Start with a Warm Up 

It is important to spend a couple of weeks reducing the current burden on your detoxification systems (as a ‘warm up’ so to speak). For some people who are not necessarily interested in completing or undergoing a detoxification program per se, the following principles could serve as the event itself.

  1. If you drink alcohol, do so moderately – no more than one or two drinks per day. If you can’t drink moderately, don’t drink at all.
  2. Start to reduce your caffeine intake by one cup every three days.  For example, if you currently drink three coffees or teas a day start by drinking two and then after three days reduce this to one.
  3. Be conscious about breathing engine exhaust, wood smoke, or tobacco smoke, all of which contain carcinogenic compounds.  Choose a different route to work, school etc to minimize exposure if you are able.
  4. Avoid inhaling fumes from gasoline and other volatile liquids. Wear a respirator mask when working with paint, varnish, and paint thinners and make sure to ventilate your workspace.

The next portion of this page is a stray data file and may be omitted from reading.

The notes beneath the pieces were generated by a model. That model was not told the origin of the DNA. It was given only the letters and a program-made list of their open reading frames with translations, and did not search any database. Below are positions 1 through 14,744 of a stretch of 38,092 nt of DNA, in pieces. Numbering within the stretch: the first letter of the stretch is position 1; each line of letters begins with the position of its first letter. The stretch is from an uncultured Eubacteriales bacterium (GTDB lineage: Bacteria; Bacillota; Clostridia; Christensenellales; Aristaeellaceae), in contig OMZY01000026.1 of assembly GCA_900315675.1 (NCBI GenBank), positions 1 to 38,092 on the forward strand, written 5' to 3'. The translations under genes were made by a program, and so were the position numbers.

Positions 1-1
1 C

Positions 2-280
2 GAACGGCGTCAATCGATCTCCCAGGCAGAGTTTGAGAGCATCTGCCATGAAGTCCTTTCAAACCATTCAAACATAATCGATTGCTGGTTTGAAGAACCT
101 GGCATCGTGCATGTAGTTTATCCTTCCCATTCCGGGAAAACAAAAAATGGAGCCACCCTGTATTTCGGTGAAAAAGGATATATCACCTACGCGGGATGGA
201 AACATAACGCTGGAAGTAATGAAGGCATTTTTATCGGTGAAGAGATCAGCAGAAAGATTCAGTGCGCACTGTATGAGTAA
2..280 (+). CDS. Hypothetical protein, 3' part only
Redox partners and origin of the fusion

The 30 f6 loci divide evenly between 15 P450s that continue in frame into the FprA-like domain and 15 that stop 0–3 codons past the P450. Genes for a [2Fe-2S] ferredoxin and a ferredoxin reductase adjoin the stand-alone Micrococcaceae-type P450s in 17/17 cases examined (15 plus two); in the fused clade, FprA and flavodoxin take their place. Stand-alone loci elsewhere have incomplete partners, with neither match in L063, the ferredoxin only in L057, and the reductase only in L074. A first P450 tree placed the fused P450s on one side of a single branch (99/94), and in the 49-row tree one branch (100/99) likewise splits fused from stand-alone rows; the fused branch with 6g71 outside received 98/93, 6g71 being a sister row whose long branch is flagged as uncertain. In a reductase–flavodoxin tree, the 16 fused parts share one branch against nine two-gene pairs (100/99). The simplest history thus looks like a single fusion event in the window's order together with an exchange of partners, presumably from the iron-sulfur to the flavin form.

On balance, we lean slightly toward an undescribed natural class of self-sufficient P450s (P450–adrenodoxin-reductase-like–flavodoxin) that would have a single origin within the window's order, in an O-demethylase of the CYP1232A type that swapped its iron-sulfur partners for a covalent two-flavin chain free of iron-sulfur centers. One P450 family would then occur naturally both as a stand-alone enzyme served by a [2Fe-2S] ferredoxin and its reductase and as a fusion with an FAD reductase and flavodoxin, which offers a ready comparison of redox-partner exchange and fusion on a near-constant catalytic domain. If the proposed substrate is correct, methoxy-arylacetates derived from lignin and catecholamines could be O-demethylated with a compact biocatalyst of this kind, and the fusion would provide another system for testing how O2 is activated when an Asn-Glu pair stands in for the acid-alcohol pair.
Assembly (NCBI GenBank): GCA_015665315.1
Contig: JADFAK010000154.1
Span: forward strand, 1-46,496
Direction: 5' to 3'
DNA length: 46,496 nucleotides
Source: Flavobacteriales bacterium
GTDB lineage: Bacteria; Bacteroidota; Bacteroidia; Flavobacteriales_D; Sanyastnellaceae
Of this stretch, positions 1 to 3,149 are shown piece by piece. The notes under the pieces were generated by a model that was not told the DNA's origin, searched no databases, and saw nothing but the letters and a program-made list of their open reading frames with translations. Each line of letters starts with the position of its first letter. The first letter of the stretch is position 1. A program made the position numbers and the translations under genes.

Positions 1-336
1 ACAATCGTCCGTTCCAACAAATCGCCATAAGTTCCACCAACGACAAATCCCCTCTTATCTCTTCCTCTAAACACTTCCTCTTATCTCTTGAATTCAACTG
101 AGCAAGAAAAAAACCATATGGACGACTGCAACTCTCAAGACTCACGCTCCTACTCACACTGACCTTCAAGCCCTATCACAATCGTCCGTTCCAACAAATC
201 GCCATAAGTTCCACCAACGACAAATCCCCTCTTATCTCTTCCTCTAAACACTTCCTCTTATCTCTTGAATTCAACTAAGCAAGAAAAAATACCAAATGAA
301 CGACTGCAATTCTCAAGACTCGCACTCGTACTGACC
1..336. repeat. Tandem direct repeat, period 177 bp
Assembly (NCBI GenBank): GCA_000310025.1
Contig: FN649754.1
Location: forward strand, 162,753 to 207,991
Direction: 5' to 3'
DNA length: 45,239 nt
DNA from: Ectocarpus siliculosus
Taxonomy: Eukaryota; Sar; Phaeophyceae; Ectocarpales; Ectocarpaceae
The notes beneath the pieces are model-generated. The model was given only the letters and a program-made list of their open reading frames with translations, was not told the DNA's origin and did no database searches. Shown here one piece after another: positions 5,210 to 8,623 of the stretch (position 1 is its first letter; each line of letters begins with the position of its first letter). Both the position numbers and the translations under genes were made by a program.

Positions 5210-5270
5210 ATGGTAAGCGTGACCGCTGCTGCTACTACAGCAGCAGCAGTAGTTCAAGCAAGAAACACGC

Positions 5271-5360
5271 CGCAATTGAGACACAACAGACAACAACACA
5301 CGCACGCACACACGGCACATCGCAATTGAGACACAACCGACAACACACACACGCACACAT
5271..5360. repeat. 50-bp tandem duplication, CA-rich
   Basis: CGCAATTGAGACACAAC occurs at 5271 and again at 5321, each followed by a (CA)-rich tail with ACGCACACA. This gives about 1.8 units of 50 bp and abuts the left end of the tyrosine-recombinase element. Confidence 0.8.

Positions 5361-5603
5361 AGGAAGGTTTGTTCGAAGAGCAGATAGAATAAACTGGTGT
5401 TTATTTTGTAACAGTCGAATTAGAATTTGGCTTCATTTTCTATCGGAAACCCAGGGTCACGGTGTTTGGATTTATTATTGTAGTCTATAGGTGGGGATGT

5. Ensure that you air out any dry cleaning before bringing it into the house or, better yet, switch to an environmentally-friendly dry cleaner.
  6. Take prescription only medication only as directed and avoid over the counter mediations altogether.
  7. Avoid exposure to pesticides on fruits and vegetables by buying organic whenever possible and washing non-organic produce with water and vinegar before eating.
  8. In your home and garden, use non-toxic pest control but remember that you can’t control what other people apply to their lawns and grounds. To reduce your exposure to lawn and garden chemicals, avoid going barefoot out of doors and get in the habit of leaving your shoes at the door when you come inside.
  9. Drink more water.
  10. Add a Green Juice.  Buy or make a ‘green juice’ daily. Think spinach, kale, apple, pear, celery, lemon, parsley.  Green juices are an amazing way to add detoxifying plant chlorophyll to your diet.